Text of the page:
A reassessment of triazolam

Anthony Kales, Alexandros N. Vgontzas, Edward O. Bixler

Research output: Contribution to journalReview articlepeer-review

2 Scopus citations

Abstract

Concern over the safety of triazolam is reflected in the actions taken against the drug world-wide by many drug regulatory agencies, ranging from restrictions in duration of use and dosage to banning of the drug. There is extensive scientific literature documenting that triazolam produces frequent and severe psychiatric adverse events: during drug administration these include memory impairment/amnesia and other cognitive impairments and daytime anxiety states and early morning insomnia; following drug withdrawal there can be a marked worsening of sleep (rebound insomnia). It is difficult to improve triazolam's benefit-to-risk ratio either by lowering the dose or by short and intermittent use. The 0.5 mg and 1.0 mg doses of triazolam are effective, but produce severe psychiatric adverse events while the 0.25 mg dose has limited efficacy while still being associated with frequent adverse events. Moreover, many of triazolam's adverse events are associated with the first (or first several) doses used, and rebound insomnia often occurs on withdrawal even after only one night of use.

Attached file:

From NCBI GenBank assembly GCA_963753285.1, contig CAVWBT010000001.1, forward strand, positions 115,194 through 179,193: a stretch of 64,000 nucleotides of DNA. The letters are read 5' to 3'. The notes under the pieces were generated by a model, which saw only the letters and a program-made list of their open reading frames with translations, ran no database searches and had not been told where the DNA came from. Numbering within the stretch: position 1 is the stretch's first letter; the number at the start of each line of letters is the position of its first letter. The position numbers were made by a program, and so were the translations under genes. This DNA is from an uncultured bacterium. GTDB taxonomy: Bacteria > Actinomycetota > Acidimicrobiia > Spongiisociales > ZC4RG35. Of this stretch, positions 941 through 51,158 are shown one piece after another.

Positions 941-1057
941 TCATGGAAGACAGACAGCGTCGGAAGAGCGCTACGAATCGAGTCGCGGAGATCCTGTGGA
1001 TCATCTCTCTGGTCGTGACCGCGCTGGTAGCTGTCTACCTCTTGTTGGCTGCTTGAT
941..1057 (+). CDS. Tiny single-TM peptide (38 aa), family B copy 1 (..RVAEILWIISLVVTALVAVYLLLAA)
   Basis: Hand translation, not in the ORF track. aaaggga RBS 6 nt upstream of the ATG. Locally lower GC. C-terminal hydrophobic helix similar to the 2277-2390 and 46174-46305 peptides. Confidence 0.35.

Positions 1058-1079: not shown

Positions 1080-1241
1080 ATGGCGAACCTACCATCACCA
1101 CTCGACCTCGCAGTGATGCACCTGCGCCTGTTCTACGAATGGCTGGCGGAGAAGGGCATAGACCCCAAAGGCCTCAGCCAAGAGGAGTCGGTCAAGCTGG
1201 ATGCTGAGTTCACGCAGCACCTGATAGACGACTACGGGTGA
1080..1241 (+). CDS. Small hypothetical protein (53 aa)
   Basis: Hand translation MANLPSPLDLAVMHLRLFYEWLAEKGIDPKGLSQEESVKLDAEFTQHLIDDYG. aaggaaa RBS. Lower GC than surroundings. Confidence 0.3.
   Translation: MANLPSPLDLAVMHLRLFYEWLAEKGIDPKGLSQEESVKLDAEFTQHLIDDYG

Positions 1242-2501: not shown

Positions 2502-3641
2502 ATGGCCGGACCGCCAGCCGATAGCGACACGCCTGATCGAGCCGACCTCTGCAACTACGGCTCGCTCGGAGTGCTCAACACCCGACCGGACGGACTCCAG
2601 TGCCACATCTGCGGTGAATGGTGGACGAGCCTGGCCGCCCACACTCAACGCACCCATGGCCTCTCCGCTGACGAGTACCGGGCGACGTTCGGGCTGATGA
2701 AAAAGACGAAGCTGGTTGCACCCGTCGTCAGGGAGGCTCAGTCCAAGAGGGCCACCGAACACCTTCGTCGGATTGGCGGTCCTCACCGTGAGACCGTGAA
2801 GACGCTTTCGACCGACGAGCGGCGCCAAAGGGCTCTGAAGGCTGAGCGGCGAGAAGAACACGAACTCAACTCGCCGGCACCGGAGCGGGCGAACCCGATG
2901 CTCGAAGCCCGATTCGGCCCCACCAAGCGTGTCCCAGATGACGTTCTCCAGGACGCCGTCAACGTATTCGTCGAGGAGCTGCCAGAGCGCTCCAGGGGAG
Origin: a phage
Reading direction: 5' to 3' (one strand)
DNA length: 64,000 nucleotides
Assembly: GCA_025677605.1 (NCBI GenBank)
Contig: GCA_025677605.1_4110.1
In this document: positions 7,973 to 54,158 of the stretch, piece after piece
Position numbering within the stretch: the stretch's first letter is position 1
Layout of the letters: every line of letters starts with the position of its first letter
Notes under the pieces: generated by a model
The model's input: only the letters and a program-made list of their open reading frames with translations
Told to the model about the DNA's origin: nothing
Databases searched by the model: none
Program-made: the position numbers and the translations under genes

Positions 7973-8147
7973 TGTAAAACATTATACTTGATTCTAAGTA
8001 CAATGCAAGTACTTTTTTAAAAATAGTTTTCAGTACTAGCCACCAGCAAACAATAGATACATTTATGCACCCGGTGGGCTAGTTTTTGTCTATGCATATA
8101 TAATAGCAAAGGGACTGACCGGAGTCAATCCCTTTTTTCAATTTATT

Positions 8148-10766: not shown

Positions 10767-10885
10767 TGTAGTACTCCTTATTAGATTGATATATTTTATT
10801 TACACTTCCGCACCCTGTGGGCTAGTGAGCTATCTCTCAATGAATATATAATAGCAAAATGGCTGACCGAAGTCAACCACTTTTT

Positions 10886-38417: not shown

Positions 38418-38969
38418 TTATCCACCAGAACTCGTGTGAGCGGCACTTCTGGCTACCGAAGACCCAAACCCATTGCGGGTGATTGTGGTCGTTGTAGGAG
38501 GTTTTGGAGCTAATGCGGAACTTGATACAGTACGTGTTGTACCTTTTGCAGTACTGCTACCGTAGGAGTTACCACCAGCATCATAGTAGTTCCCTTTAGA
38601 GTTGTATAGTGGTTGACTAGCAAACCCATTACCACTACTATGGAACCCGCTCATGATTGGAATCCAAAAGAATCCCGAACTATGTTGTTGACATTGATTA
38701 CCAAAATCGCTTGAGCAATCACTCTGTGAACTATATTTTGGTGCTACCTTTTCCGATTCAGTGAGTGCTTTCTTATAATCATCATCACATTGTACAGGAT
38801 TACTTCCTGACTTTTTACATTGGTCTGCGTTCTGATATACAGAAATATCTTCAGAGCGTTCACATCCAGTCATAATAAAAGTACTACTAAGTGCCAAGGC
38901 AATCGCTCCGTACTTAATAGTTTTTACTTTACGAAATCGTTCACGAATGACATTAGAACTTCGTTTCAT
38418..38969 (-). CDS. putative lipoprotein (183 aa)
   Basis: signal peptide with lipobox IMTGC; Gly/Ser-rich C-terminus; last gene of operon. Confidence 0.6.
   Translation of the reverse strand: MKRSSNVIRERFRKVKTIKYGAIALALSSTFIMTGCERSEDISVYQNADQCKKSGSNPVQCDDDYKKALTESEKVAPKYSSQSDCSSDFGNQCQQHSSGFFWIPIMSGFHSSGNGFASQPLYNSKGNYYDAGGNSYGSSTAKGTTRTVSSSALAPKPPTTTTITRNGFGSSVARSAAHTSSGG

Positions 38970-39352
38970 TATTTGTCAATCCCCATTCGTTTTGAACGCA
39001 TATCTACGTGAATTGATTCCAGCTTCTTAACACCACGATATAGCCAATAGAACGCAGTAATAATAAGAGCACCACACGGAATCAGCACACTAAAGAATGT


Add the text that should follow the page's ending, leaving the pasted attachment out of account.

Original languageEnglish (US)
Pages (from-to)7-27
Number of pages21
JournalInternational Journal of Risk and Safety in Medicine
Volume9
Issue number1
DOIs
StatePublished - 1996

All Science Journal Classification (ASJC) codes

  • Health Policy
  • Public Health, Environmental and Occupational Health

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